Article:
A point of contention could be that Suddenly Seventeen is as hyper-polished and thus a bit bland. It’s exactly the sort of product you’d expect from a known dynasty of filmmakers. The level of craft and attention to detail coupled with the cinematography from Jeffrey Chu will inevitably lead to it being labeled as soulless. There’s a time and place for by-the-numbers rom coms like Suddenly Seventeen. As formulaic and predictable as they tend to be the relentless optimism from Suddenly Seventeen is endearing and infectious, to say the least. Zhang Mo couldn’t have left a more favorable impression than she did here. In the last decade or so Mainland China has been in a habit of remaking Japanese, and American properties for the domestic market and Suddenly Seventeen is one such features. It piqued our interest enough to be curious what Zhang Mo could do in the period costume wuxia (whether it’s fantasy or historical) or martial arts/action genres if she was coupled with somebody like like Yuen Wo-Ping or Tsui Hark. Even if Mo just makes a career out of dramas and romances she can be counted upon to deliver quality work. There’s no shortage of both on the Chinese domestic market making it a treacherous landscape to explore. Suddenly Seventeen doesn’t have to worry about the restrictions that its lesser funded cousins have, and that’s part of its appeal. Suddenly Seventeen is the sort of movie you’d expect to be remade in Bollywood or South Korea. We’re surprised that hasn’t happened yet.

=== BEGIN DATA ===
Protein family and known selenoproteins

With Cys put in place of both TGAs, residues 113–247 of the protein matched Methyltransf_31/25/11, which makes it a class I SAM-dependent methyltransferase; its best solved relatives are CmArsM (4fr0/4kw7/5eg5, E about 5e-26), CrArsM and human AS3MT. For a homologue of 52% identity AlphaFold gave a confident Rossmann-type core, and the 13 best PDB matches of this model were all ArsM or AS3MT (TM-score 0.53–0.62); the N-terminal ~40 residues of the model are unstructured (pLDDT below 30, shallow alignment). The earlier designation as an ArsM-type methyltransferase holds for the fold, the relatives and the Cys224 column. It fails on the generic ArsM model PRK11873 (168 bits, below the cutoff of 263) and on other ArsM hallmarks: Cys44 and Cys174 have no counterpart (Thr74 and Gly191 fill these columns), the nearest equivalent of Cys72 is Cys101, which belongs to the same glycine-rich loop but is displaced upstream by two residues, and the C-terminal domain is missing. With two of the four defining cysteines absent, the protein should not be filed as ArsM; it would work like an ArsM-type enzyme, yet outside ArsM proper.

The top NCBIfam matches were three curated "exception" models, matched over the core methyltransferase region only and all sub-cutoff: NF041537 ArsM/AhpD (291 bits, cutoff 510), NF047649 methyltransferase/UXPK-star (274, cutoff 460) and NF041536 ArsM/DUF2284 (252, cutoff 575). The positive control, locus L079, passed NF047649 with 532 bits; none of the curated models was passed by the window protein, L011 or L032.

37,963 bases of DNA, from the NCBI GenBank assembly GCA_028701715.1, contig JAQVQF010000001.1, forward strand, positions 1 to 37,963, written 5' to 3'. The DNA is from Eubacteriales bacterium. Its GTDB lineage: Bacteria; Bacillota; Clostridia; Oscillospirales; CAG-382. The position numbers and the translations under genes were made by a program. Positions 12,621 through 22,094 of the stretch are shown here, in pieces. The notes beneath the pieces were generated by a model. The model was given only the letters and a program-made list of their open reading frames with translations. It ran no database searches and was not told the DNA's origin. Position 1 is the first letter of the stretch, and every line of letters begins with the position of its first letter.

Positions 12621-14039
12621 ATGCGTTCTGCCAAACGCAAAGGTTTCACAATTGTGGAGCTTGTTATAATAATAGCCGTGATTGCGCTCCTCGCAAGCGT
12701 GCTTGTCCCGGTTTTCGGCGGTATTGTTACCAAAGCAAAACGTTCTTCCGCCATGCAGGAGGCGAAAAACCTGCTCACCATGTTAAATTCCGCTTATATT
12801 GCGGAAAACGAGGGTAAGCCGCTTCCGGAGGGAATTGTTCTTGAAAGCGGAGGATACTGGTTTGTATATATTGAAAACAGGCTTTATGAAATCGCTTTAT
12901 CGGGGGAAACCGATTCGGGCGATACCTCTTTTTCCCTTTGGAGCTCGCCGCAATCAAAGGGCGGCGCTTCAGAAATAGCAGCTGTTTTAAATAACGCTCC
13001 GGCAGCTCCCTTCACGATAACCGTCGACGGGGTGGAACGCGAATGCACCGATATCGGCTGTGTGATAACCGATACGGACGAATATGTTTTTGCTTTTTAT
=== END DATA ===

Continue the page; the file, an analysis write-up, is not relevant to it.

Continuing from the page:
Plot: underground warrior sect vows to stop invasion of extraterrestrial demons.